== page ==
Several Boston institutions recently put on a contest where five patients’ diagnosis couldn’t be found through conventional means. Institutions from around the world were given genetic code and clinical information, and then were judged based on who could come up with the best rationale and diagnosis.
Nationwide Children’s Hospital won — thanks to its work in the burgeoning field of genomics — and the judges said the hospital’s response was head and shoulders above the rest.
Research and staying at the industry forefront is the lifeblood of elite organizations like Nationwide Children’s.
“The way I often describe it to lay audiences is that you have two choices: you can either take your child to a place where the practitioners all read the latest textbooks and do exactly what the textbooks say, or you can take your child to the place that writes the textbooks,” says Dr. Steve Allen, CEO at Nationwide Children’s. “Generating new knowledge through research gives you the credibility to write the textbooks, and that’s who we need to be.”
The best business advice Allen ever received was that your aim should be to disrupt the competitive landscape by changing how people view your industry.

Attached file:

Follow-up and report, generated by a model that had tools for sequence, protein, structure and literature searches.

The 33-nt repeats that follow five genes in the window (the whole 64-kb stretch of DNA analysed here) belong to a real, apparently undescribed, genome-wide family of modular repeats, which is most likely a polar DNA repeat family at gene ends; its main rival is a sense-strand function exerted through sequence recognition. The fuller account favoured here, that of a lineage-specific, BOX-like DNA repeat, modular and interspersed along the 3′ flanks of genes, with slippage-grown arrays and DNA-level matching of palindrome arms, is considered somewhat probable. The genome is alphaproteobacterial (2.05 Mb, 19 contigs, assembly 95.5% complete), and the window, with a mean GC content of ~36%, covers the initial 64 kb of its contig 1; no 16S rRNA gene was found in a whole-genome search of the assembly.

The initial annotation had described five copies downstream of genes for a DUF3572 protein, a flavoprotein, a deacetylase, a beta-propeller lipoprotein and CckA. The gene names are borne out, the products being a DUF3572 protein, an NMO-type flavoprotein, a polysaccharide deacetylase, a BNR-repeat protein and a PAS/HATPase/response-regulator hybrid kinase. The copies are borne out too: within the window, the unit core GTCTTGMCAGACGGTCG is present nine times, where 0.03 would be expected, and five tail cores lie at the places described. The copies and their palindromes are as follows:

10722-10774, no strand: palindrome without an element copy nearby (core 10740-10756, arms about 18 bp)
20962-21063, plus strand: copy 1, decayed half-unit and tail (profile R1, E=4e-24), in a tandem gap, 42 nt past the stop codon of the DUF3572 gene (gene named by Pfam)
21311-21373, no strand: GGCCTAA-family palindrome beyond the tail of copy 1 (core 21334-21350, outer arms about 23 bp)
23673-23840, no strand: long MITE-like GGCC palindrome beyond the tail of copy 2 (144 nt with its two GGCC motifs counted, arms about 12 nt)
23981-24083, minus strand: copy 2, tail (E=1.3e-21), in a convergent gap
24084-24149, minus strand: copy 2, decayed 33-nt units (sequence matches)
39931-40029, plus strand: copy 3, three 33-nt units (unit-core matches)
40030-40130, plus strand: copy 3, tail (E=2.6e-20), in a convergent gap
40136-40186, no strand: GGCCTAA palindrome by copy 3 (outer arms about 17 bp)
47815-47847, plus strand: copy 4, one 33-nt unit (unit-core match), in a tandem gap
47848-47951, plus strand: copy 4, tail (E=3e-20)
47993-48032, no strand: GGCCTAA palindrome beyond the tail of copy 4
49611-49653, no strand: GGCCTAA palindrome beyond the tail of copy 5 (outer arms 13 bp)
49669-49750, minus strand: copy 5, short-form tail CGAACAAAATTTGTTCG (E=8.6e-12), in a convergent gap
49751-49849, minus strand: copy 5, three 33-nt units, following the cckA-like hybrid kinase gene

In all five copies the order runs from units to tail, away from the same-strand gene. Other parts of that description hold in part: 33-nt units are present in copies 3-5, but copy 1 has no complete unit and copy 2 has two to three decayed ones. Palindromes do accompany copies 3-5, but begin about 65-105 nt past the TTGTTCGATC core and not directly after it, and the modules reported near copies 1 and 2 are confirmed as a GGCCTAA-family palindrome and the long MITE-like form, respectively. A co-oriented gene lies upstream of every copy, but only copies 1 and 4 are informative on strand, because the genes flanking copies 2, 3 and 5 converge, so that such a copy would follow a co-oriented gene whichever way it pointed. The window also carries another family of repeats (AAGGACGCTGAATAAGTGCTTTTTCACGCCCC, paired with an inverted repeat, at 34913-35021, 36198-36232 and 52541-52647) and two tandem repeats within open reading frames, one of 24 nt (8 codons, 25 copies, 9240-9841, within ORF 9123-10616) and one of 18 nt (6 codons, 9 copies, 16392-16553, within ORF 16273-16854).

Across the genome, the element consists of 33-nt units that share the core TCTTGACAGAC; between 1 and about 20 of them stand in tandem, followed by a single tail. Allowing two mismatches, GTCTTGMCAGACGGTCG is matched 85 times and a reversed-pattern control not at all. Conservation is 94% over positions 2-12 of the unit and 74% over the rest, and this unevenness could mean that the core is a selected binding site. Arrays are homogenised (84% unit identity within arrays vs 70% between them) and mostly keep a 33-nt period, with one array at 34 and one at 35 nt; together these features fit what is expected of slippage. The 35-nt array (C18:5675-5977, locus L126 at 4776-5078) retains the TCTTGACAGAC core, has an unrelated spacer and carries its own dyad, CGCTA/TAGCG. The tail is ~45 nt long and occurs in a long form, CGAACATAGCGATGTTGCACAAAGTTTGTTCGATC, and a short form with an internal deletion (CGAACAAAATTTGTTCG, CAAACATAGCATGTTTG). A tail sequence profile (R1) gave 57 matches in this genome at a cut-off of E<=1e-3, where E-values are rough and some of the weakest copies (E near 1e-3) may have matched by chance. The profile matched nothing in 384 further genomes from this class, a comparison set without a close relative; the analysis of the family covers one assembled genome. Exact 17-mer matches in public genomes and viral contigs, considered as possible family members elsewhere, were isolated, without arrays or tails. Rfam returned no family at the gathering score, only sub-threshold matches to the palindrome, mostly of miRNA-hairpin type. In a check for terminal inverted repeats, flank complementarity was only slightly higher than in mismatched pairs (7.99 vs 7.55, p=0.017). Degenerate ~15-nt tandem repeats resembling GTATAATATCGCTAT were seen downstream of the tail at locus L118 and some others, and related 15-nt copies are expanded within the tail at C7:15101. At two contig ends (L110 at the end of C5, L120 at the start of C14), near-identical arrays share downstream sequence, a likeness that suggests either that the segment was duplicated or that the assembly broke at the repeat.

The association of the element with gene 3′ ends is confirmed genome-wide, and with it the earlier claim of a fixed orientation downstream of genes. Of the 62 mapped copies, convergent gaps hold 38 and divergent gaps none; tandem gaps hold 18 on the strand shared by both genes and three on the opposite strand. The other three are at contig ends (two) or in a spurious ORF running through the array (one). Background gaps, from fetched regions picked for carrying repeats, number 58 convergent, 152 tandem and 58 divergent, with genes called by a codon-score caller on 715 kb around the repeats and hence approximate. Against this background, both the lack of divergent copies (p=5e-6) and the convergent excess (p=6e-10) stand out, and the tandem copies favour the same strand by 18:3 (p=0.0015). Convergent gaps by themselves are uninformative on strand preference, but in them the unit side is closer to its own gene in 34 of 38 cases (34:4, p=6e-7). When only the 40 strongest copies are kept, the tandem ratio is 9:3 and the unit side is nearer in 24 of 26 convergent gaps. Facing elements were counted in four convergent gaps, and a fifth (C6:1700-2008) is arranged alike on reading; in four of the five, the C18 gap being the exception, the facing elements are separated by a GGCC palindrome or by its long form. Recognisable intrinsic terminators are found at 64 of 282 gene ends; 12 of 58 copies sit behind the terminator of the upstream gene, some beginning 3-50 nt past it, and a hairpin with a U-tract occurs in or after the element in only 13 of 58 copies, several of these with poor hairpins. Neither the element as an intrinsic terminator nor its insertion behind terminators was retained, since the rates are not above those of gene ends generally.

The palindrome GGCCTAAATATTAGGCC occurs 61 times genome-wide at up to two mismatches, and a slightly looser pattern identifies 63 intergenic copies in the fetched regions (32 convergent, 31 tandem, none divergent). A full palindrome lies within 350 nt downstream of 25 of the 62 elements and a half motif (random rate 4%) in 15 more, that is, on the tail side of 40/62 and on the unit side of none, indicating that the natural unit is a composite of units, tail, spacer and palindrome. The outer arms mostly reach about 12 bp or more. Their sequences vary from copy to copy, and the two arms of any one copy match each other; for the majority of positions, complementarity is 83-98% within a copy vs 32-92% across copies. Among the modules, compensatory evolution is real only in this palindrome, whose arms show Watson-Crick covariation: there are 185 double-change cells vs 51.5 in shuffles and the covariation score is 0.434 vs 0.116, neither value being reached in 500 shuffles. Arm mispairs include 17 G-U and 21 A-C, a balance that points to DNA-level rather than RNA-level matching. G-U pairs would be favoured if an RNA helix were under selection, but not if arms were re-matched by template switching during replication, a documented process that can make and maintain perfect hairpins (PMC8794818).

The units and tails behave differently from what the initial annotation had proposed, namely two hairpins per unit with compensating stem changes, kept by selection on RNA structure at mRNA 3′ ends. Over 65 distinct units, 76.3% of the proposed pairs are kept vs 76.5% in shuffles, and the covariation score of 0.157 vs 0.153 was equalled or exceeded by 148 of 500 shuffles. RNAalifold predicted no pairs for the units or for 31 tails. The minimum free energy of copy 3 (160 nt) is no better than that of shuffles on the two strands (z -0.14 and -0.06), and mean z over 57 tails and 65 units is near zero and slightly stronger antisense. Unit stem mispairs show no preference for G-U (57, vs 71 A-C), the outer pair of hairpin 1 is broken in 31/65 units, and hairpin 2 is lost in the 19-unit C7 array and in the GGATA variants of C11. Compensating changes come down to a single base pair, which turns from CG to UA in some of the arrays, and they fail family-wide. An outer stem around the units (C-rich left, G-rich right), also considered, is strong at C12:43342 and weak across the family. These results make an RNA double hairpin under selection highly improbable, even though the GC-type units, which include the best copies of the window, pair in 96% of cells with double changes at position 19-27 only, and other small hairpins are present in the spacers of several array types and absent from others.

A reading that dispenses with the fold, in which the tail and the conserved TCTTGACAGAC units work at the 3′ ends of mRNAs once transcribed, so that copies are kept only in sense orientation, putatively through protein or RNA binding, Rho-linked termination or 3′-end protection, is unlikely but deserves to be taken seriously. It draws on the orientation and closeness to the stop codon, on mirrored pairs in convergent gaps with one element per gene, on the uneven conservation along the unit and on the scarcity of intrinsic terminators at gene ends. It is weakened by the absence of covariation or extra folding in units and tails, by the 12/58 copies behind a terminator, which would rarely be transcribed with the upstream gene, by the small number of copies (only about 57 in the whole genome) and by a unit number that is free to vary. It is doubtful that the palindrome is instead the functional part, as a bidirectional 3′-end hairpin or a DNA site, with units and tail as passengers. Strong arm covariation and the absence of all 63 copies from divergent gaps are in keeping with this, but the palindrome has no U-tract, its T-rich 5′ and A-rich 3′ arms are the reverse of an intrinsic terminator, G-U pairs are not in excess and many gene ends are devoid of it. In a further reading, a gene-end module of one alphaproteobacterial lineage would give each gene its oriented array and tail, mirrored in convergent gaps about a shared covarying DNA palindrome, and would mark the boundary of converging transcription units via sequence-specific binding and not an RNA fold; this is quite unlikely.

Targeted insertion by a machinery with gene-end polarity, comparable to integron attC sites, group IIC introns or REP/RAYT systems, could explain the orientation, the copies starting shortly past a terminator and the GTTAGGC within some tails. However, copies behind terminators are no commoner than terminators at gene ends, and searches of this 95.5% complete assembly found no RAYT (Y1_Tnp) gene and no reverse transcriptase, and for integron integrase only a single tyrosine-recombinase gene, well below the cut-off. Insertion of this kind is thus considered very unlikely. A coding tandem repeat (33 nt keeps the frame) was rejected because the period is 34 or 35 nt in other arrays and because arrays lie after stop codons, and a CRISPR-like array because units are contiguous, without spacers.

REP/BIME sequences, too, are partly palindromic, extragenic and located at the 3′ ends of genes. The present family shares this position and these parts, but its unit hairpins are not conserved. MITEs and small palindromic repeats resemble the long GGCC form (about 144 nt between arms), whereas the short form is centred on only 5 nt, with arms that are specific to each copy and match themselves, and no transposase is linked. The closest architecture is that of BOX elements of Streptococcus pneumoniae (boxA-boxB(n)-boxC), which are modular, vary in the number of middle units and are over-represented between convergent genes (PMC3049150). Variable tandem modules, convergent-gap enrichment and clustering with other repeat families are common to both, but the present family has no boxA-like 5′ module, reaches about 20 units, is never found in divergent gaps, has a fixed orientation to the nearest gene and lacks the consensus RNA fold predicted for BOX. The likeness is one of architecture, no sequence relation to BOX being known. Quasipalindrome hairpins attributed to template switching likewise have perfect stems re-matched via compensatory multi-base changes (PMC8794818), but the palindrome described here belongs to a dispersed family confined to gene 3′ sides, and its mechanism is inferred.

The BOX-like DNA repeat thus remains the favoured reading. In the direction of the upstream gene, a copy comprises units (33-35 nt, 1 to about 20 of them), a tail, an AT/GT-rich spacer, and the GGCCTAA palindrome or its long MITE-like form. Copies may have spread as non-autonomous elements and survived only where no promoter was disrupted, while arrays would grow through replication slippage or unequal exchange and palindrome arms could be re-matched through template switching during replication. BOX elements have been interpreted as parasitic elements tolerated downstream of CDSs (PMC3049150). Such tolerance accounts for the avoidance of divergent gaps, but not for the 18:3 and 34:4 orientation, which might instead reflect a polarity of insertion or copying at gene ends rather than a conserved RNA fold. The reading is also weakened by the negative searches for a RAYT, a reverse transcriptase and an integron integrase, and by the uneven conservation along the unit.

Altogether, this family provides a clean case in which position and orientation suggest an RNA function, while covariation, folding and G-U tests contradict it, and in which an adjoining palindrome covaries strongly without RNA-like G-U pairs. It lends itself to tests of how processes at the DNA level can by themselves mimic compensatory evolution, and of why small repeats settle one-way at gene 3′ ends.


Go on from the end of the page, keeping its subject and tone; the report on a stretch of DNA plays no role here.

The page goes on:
In children’s health care, you’re not competing for patients, but for talent and mindshare. You need to be writing the textbooks.
“If all you’re going to do is to be as good as the No. 1 or No. 2 in your industry, you’ve already lost the game,” he says. “Your aim should be to change the competitive landscape.”
At Nationwide Children’s, which now employs more than 11,000 people, there’s no status quo.
Allen says the hospital is always investing in the next generation of knowledge through research, upgrading its services, developing new products and training the next generation of providers, in order to keep teaching the rest of the country what it means to be a children’s health care organization.
Lead the way
So, what does it take to stay on the forefront? Hard work. A culture of accountability. Luck. All of the above?
Nationwide Children’s continually looks at where the science and industry are going, in order to make strategic bets on where it thinks it can make a difference, Allen says.
For example, over time it acquired innovative programs that have helped form the building blocks of a world-class genomics programs. Now, he says the hospital believes it’s time to make a larger investment and develop a much more robust research program.
“The human genome was first sequenced a dozen and a half years ago at the cost of about $3 billion, and now we can do that exact same thing with current technology for about $1,000,” Allen says. “So the rate at which technology has accelerated — to be able to bring this to something that’s more likely to impact decisions at the bed side and drive therapy — it’s just much more tangible now.”